I think my biggest realization was that I wanted a cast that has a lot of ensemble characters. I really wanted it not to be about the main cast. For the main cast, it's a lot of standing in corners and nodding and then Janet faints a lot. And Colombia screams. If you want the whole room to feel the energy that is being portrayed by four different tiny faces on the stage, you have this amazing, toolkit at your disposal, the ensemble cast is there to bring the spirit all the way from the front of the room to the back.

I also actively believe it's so much more engaging if the whole room is present. Going to see it at Georgetown is amazing because of the environment. The audience are all cast members; they just didn’t know it until the show. The whole room is yelling and I think it's the kind of experience that's super on par with the college experience. It’s kind of weird and out there and out of the box and slightly sexual.


Rocky has many rituals and traditions, and one of the most interesting aspects of our show is that we are adding our own elements to the famed show, like you mentioned. What are some of your favorite Rocky Traditions and what ways are you excited about making the Georgetown show unique?

One of the most fun traditions I mean, it's a classic, is the sort of virgin sacrifice at the start. I think that's such a fun way to introduce people to the show who have no idea what they just signed up for. Very clearly from the get-go before the show even begins you’re either are onboard or this is not going to be your cup of tea but it's not hiding. And then the second year we did it at Georgetown we introduced more than one Lips character. Traditionally it's always a strip scene during the opening number with one person and we’ve made it a whole group of people. I think is so cool to not have just one person filling a room. I think it adds to the experience.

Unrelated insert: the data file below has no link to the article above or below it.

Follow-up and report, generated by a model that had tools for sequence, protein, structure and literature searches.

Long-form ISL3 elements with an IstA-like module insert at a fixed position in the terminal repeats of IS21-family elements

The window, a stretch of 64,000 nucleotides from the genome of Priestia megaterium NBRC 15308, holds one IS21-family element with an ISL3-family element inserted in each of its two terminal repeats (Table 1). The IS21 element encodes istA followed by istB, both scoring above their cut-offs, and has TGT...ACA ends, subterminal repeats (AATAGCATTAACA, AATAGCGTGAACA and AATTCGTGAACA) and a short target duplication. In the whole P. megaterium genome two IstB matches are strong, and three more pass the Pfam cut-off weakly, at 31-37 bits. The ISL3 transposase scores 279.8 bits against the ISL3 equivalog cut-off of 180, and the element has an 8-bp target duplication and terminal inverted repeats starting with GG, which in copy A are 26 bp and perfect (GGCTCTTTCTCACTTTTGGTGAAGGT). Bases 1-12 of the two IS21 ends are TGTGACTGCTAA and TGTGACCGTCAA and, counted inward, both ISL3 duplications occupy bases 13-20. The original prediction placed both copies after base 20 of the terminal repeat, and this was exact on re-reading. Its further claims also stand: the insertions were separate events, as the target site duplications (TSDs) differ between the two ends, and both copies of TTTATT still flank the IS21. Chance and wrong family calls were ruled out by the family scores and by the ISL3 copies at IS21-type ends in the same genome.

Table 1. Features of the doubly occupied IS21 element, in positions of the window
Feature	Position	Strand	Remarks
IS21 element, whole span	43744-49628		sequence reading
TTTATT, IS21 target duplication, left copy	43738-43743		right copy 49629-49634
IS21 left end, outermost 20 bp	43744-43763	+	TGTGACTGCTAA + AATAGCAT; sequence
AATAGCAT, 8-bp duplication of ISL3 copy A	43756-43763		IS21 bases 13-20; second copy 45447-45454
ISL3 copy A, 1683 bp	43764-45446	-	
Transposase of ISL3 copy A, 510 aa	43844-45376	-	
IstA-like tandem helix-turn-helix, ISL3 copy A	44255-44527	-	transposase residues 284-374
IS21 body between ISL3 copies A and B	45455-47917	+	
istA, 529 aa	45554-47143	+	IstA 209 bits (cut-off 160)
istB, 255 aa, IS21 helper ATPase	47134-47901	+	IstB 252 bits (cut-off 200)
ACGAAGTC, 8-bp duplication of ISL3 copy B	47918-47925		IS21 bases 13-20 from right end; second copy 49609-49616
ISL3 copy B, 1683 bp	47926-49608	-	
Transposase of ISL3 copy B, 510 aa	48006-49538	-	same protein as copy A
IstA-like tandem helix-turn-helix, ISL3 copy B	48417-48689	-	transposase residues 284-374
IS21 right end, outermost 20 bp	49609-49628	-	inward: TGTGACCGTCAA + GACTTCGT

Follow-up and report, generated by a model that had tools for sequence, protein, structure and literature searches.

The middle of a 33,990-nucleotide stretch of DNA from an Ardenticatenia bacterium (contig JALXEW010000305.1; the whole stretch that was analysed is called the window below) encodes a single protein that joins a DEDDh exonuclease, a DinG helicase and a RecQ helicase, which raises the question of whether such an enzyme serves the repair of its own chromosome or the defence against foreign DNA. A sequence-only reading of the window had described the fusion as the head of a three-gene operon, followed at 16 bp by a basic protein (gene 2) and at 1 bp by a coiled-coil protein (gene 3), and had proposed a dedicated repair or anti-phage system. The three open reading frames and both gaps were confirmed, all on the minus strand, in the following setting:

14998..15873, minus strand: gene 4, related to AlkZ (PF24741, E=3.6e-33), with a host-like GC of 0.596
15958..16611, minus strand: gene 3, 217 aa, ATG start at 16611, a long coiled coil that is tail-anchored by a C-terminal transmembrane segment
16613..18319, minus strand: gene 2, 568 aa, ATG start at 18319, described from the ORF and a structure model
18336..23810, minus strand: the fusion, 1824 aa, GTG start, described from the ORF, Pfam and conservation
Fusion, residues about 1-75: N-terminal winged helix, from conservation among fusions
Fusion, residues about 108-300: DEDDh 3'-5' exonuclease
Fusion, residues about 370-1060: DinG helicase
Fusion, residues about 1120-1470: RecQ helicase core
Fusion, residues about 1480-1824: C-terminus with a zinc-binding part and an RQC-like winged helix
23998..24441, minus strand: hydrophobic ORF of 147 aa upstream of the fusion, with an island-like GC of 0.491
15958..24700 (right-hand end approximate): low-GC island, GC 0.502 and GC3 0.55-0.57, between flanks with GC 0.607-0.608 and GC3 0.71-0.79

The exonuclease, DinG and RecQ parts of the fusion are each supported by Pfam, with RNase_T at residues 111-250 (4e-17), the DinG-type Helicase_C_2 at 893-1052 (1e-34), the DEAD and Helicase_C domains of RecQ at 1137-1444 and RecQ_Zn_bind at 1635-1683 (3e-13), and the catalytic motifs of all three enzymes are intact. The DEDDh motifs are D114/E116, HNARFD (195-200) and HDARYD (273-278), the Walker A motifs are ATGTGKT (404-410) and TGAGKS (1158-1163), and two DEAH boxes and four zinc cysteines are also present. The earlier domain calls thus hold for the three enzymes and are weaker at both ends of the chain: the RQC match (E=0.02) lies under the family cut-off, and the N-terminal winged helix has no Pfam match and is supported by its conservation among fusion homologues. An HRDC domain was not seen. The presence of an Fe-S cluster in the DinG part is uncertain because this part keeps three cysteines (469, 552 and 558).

One thing Rocky is really above all else is gay. Lewd and promiscuous and very gay. In your view and experience, why do you think Rocky has become such a cultural relic for the queer community?

Someone asked me this the other day. They watched the show and was like I don't get it. How is this positive gay forwardness? The main character Frank who has sex irrelevant of gender, is a murdering alien. Doesn't that make it terrible that this main character who is like supposed to be representing the gay community is a terrible human being/not even human?! And for me, I never thought about it that way. For me the reason it has the height that it does, the reason it stuck around for so long, is not the fact that it portrayed characters that had a fluid notion of sexuality, but more that there were these characters that had that as a part of their personality, and it was never addressed.

There is a song in the show about everything. Like I'm getting horny, let me sing about it. Like I walk into a room let me make up a song that has absolutely no relevance to anything. And at any point, there could have been a song after Frank and Brad have sex where Brad goes, “What am I feeling? I just had sex with a man like how do I feel about this? Is this normal?” But they don't, at no point is that questioning or that strangeness added on as an outside layer. No one ever stops and goes wow, it's weird that you had sex with both men and women. Everyone's just like, should we have sex? Yes or No. It has absolutely nothing to do with gender. So for me, that's the reason that I think it's stuck around.